The new context of international relations openly proposed by Moscow, but also by Beijing, is very different. The current superpowers are unlikely to go any further in the immediate term, to the elimination of independence or to a massive shifting of borders. Firstly, because of the weight of traditions of respect for national sovereignty inherited from the 20th century, but, above all, because both Russia and China are ethnically very homogeneous units with a strong interest in remaining so.

However, within their areas of influence, or what they consider as such, neither these superpowers nor the United States will be as permissive as the superpowers of the previous Cold War were. States such as Brazil or India will undoubtedly maintain a substantial degree of political and economic independence, but this will not be the case for the small ones, such as Cuba, Belarus, or Burma, located next to the current superpowers.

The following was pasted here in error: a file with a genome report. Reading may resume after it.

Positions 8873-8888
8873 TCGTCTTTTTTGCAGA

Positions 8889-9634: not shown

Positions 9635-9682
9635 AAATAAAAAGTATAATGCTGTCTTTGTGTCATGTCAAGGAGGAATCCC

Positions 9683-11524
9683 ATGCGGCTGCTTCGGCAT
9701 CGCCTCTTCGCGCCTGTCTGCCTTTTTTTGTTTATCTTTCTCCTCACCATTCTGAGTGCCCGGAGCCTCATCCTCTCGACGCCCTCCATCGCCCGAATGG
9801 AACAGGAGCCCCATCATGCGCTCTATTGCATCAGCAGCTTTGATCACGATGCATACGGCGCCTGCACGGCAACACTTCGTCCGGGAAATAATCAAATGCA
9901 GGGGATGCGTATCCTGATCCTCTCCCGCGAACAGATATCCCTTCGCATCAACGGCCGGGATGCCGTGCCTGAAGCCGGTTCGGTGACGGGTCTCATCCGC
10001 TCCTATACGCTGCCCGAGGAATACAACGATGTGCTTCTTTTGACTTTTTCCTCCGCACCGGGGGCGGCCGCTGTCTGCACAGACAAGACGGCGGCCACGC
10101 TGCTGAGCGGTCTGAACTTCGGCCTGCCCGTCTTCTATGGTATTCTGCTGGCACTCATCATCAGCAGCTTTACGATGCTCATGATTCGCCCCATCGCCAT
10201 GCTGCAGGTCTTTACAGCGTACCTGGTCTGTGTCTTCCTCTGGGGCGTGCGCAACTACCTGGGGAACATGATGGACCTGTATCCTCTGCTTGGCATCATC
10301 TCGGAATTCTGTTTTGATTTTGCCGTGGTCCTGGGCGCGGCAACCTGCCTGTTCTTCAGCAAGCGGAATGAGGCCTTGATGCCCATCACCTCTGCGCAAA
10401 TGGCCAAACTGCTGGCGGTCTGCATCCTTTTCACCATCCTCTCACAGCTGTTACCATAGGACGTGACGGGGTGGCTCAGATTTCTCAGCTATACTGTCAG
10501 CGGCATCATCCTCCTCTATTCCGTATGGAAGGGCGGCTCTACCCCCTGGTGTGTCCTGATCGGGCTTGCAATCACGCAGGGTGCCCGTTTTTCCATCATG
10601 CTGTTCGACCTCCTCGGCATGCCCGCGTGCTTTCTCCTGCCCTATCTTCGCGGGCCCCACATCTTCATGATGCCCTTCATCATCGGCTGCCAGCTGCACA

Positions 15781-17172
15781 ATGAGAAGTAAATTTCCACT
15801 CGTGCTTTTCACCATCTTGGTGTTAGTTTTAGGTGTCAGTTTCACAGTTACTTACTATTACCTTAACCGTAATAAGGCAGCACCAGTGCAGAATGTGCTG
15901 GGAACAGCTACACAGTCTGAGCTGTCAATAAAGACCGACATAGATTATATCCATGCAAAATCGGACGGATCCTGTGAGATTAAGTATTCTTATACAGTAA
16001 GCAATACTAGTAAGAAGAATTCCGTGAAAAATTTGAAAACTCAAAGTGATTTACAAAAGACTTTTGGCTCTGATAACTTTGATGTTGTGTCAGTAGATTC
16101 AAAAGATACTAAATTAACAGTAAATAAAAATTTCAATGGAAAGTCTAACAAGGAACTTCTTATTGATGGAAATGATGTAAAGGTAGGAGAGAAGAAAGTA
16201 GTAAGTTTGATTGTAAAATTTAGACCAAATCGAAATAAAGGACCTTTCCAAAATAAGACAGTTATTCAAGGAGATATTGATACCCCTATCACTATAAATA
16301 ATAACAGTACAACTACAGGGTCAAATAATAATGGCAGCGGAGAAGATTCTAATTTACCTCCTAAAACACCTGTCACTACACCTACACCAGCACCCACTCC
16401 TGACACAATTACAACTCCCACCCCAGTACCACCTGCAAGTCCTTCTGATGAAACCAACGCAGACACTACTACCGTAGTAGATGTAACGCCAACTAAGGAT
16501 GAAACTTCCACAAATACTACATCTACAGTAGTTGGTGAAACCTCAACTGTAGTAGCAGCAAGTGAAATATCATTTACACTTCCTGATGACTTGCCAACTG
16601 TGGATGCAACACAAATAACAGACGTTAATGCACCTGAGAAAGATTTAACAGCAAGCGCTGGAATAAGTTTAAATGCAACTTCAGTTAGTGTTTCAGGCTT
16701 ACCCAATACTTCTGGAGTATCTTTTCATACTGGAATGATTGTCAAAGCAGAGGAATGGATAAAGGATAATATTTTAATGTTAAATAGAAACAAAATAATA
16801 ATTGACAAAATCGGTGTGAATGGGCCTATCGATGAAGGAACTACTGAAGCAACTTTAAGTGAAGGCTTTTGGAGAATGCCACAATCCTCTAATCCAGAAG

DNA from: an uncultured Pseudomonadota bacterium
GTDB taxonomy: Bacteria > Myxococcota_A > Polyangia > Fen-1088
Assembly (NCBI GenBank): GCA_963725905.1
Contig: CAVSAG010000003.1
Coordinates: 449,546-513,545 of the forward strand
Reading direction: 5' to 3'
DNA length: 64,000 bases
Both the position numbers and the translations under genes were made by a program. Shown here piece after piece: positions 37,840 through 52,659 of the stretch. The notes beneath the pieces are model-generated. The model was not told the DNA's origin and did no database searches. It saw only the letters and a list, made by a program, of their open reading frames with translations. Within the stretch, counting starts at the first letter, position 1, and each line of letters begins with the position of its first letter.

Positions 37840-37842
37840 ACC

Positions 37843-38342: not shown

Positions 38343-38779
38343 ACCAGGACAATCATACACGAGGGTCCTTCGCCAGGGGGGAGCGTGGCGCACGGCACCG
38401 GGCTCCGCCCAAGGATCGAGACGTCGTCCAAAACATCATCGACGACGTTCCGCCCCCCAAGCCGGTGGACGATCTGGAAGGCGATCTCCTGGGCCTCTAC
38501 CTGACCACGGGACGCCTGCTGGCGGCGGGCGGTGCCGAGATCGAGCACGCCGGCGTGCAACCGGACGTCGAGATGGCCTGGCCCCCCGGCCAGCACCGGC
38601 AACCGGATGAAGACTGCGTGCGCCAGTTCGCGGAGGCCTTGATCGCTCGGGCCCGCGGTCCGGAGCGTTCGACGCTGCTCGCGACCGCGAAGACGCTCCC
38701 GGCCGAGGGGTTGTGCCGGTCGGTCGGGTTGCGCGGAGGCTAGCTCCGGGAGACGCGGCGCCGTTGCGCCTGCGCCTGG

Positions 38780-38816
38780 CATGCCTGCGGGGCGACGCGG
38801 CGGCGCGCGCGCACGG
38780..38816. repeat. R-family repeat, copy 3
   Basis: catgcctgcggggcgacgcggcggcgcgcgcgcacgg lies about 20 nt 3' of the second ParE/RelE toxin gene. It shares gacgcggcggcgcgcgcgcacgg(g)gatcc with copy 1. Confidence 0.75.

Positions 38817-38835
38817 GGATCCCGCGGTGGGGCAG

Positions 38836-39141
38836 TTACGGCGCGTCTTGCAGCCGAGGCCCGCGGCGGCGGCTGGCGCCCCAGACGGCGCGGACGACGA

We are referring to the abandonment of idealism and the return to political realism in international relations. The return of the old nineteenth-century policy in which direct intervention was simply based on a national interest that was not disguised by idealistic declarations. Of the return of the right of force, without pretense. Because what the current challengers to the hegemony of the United States, or even an important sector within American politics itself, are proposing is nothing other than an agreement to divide the world among the strong, in which the opinion of the weak is not relevant.

And, in this context, to think that non-alignment can be used, at least for those states that are clearly part of the strategic area of the great powers, is nothing more than an illusion.